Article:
Privy-leges Appreciated. Laborer Kelly Patton (right) and colleague Cher Marascalco use keys to pink potties (below left) provided by contractor on a Las Vegas resort expansion project.
(Photo by Tony Illia for ENR)

Kelly Patton works out of laborers’ Local 872 in Las Vegas, where she is currently a flagger on the big MGM Grand project, and she’s giving the prime contractor on the job, Marnell Corrao Associates, high marks for an important part of her workday—the biobreak. “The contractor does a good job of keeping the restrooms clean, which is a big issue because the men’s restrooms can be disgusting,” she says. Unlike the many portable toilets she has encountered that are “soiled and reeking,” the pink potties on the MGM Grand project are only available to women who are given keys. “And they even have a grapefruit-scented smell as well as sanitary soap available,” she says.

(Illustration by Guy Lawrence for ENR)

Las Vegas’ laborers are the beneficiaries of detailed provisions of collective bargaining agreement work rules that also call for clean portable toilets on every floor of a highrise, daily washouts and measures to protect workers from sun and dehydration. But Las Vegas isn’t New York or Fort Worth and jobsites around the country vary from the primly pristine to the repulsive. “Soiled and reeking,” as Patton says, is a good way to describe many portable toilets on U.S. construction sites this hot summer, say workers.

The portable toilets are a part and a symbol of a bigger issue. At a time when the industry clamors for more workers and top contractors shoot for zero injuries, some employers are cultivating cleanliness and civility. Why? They believe both will help attract more workers, improve productivity, integrate women into the trades and make sure everybody goes home safe and sound. And before the skeptics ridicule the idea of a construction workers’ paradise, or scoff at lenient work rules that will cost precious minutes during the day, some pro-cleanliness contractors say they already are putting the ideas to good use.

Quality-of-life programs of different types have gained popularity as a way to implant positive feelings deep into workers’ psyches. At major industrial jobsites, such as Dow Chemical Co.’s Plaquemine, La., facility, owners are setting a standard by trying to banish mud with better drainage and cool sweaty brows with air-conditioned trailers. At Manson Construction Co., a marine contractor based in Seattle, managers are discovering their inner Dr. Phil and learning to value their colleagues as human beings. The net result is a more cooperative workplace, they say. And on the regulatory battlefield, a handful of “sanitationists” are pressing for new standards that will increase the federal minimum number of portable toilets per worker and improve their condition.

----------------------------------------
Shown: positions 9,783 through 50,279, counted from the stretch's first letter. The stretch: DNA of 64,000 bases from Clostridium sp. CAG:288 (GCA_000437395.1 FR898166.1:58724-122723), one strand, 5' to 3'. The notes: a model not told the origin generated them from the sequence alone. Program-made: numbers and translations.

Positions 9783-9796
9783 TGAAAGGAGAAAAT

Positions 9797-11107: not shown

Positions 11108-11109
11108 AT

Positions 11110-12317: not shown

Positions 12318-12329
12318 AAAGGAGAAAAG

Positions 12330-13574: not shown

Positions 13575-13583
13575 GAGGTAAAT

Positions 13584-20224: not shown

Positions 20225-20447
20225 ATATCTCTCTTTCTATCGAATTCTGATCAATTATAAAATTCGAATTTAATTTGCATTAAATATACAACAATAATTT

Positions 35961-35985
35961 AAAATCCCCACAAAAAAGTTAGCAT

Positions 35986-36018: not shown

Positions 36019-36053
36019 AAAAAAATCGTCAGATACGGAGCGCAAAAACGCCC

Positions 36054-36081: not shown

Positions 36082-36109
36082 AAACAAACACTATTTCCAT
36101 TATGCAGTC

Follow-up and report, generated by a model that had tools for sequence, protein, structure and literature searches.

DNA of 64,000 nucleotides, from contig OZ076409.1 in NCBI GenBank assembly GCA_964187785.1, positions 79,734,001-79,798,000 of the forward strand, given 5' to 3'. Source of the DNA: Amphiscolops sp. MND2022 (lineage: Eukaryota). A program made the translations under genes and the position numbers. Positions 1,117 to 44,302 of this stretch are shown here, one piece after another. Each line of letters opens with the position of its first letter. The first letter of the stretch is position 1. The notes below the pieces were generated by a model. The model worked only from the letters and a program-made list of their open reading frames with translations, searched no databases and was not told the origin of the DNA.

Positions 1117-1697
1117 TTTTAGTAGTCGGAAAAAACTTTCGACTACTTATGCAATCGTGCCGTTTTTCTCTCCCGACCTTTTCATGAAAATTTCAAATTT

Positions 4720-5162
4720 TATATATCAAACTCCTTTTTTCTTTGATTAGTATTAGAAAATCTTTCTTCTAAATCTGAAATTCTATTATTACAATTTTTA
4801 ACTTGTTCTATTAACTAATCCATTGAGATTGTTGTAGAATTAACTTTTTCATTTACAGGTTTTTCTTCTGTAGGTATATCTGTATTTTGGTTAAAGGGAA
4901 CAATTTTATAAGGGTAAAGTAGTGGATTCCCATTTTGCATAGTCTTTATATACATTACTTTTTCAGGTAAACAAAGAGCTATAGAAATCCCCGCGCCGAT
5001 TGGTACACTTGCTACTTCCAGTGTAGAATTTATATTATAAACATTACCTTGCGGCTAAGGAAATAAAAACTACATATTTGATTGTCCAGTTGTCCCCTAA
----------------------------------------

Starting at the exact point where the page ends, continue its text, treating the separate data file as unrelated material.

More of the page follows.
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    Although federal regulations state that construction sites must be safe and clean, with toilets available and potable water for drinking and washing, what’s provided often falls short. “We’re still operating the way we did in 1920 as relates to hygiene,” says Stephen Cooper, former  executive director for safety and health of the ironworkers’ union.

    And some believe there is a common link among cleanliness, brutish interpersonal behavior and safety. In construction, “some people think it’s OK to hurt people or to treat them much more poorly than your family, with lousy places to eat and to go to the bathroom,” says Cort Dial, Americas operations manager for JMJ Associates, an Austin-based consulting company that makes personal transformation a part of its safety program. “The language that’s used in construction, is hired hands. Average workers are told you don’t matter, you’re an instrument to get work done with no intrinsic value.”

    Others also see a message in the messiness. “Contractors who maintain their jobsites in a manner suitable for little more than barnyard animals quickly convey to those on the outside the character of their corporate and personal values,” says Rick Raef, a safety consultant for insurance broker Willis. The people on the payroll get the same message, he adds. Not everyone agrees that housekeeping is a big problem anymore.

    Woody Norwood, a compliance assistance specialist with the federal Occupational Safety and Health Administration’s Albuquerque, N.M., office, says citations in his area have gone down over the past five years because of aggressive enforcement and cooperation with industry associations. And a project manager for a mechanical contractor based in Birmingham, Ala., says general contractors are careful about housekeeping especially in prominent sites where it reflects on corporate image.

    Lauren Sugerman, president of Chicago Women in Trades, counters that many contractors still have a long way to go in providing clean workplaces. Sugerman chaired an OSHA workgroup focused on health and safety of women in construction. Along with the Advisory Committee on Construction Safety and Health (ACCSH), the workgroup recommended OSHA’s sanitation requirements be strengthened. A 1999 report—based on a survey of tradeswomen and two studies by NIOSH-ACCSH and the Health and Safety of Women in Construction workgroup—described situations where female workers had limited access to clean toilets, bathrooms or port-a-johns with locks on the doors, and water for washing dirty hands.